I spent the first couple weeks of the pandemic mentally and emotionally checked out from card collecting. I didn’t buy anything, I didn’t write about anything, and I didn’t even miss anything. Two weeks of experiencing life a little bit more like the other adults around me. (Not you guys, of course. The other adults!) Two weeks was all it lasted, but I think it changed me nonetheless.
Meanwhile some cool things were happening around the Hobby.
An anathema to many collectors, I genuinely enjoyed some of the creative work being done as part of Topps Project 2020. I even threw down $20 on one of the Dwight Gooden cards, making it the third or fourth most expensive card in my Dr. K collection of more than 700 cards the day I bought it. Bizarrely the price would hit $3500 just two months later, making it (while the mania lasted) the third most valuable thing I owned behind only my house and car.
Perhaps influenced by Project 2020, an artist-collector I followed on Twitter began something called the #MakeCardsMoarBetter project and invited other collectors to join. Sharp-eyed readers will no doubt find the two changes I made to Hank Aaron’s 1969 Topps card. (My completed sheet is here for anyone interested.)
More renowned baseball card artists like Mark Mosley and Gypsy Oak were also putting together their own Project 2020 inspired creations, and don’t even get me started on these guys!
In contrast with the usual “doing nothing” brought on by the pandemic, here were collectors doing things with cards: being creative, having fun, and building community.
Then George Floyd was murdered by Minneapolis police.
Cards, hobbies, and fun itself all became a form of privilege, with escape being the ultimate privilege. Still, that’s not to say cards had no place.
…and Mike Noren, also known as Gummy Arts, put the original artwork behind his 1971 Pittsburgh Pirates All-Black Lineup set on eBay with all proceeds going to Black Lives Matter. (UPDATE: These same cards are now on their way to the Negro Leagues Baseball Museum!)
Again I was seeing collectors doing something and it made me wonder what I was doing.
Scissors, school glue, glitter paper, and a Wade Boggs rookie later, I’d managed to raise $45 for the Negro Leagues Baseball Museum with a card I made.
Now I’m cutting up old Dave Parker and Kirk Gibson cards to raise money for Parkinson’s Disease research. (Team Cobra currently leads Team Gibby $25 to nothing, but I’m hoping eventually to raise at least $125 for each of their foundations.)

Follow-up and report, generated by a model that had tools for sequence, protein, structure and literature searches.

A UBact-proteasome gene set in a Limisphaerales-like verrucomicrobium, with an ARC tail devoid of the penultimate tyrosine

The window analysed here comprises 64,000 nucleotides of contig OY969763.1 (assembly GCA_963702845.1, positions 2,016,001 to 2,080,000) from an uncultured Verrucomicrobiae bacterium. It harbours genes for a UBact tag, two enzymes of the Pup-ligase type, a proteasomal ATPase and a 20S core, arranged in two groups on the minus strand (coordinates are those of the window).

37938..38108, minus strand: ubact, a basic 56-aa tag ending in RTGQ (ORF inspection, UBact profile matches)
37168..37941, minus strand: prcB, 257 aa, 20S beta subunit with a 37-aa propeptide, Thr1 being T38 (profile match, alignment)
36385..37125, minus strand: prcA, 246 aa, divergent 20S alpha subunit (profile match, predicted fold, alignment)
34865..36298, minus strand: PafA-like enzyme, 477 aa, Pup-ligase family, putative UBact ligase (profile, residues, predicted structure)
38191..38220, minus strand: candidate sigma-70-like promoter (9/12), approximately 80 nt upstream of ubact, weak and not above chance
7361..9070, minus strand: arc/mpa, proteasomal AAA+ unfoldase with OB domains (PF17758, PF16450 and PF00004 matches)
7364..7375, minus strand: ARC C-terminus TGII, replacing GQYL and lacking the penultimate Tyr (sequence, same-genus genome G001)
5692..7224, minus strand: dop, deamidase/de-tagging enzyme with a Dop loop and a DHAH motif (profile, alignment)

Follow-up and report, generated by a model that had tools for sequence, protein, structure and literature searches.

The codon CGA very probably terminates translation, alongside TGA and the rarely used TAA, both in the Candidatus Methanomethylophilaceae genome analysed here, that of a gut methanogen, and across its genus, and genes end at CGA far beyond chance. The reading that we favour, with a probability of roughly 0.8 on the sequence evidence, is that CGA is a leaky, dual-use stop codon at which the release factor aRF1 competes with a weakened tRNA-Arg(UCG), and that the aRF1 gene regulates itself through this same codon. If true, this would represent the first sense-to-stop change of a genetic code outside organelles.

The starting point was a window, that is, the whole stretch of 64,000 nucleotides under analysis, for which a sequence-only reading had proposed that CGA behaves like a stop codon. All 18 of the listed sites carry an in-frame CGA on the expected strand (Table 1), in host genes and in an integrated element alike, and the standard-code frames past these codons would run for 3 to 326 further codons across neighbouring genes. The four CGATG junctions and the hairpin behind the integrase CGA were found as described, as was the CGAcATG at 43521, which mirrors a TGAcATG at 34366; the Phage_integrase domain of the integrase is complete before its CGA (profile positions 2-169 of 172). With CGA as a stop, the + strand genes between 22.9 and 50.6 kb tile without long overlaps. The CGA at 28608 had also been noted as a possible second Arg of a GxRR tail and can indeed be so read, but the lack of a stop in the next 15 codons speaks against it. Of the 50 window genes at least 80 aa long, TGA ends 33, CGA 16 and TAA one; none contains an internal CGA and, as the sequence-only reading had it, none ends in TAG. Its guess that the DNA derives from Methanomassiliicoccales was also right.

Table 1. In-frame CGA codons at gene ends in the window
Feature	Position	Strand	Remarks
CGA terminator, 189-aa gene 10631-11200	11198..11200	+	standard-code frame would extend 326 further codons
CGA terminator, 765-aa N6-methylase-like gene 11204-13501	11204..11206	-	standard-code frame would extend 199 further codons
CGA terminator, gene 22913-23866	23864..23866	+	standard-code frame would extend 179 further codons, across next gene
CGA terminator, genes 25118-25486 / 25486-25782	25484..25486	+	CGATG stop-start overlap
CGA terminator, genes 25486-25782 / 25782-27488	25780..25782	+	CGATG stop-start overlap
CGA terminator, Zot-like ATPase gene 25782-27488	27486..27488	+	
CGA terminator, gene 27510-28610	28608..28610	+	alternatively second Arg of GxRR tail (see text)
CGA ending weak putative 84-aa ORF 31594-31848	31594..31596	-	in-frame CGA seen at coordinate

I’ve also had fun practicing on some other cards that I was able to find happy homes for across the Hobby community. There’s even a registry for this kind of thing now!
At the end of the day, I still love the old stuff: my Aaron collection, my Brooklyn team sets, my Campy collection. What’s different now is that I also love some other stuff: making and giving.
There was a time I’d look at my stack of 500 Kirk Gibson cards and think, “Not enough.” Then I hit that point in collecting where I’d look at the same stack and think, “Too many.” Now I’m at the point where I’d at least like to think each one of those cards, by itself worth maybe a nickel and already owned in spades by all the other Gibson collectors out there, could turn into something special for someone. Ditto Dale Murphy, Steve Garvey, Eric Davis, Doc Gooden, and all those other guys I have stacks and stacks of to this day.
If so, I wouldn’t be the first guy out there turning junk wax into gold. I wouldn’t even be the second. Or the third! And God knows I wouldn’t be the guy making the most money off trimmed cards. All I can hope for is to be the guy having the most fun with it and at least in some small way making a difference in this goddamn crazy world of ours.
UPDATE: I have a website now for the work I’m doing. Enjoy!
Early in 1968 two things of great importance to my later life were just in the early stages of creation. In London Jimmy Page was using all of his upper and lower world powers to fashion what would trample underfoot the Rock n’ Roll world like a thundering herd of invading marauders – the mighty Led Zeppelin. Across the pond in Brooklyn Woody Gelman and his team were sending to the printer the similarly fabulous Topps Action All-Stars. While I could wax poetic of “years ago and days of old when magic filled the air” from those eight Zeppelin studio releases, instead I’d like to reveal some of the wizardry of how the Action All-Stars ended up in 10 cent packs. I mean look at that rascal! Roberto looking ready to make a point with his Louisville Slugger, four Hall of Fame members and Richie Allen in those plastic warm up sleeves – utter brilliance in my mind.
As a bit of background these were one of the early attempts by Topps to produce die cut stickers that became big sellers in the 1970’s with the wildly successful Wacky Packages and as a central part of the popularity of the original 1977 Star Wars series and those Charlie’s Angels stickers of Farrah, Jacklyn and Kate you put inside your school locker. Some links for additional info on this set and other die cut stickers are at the end of the article.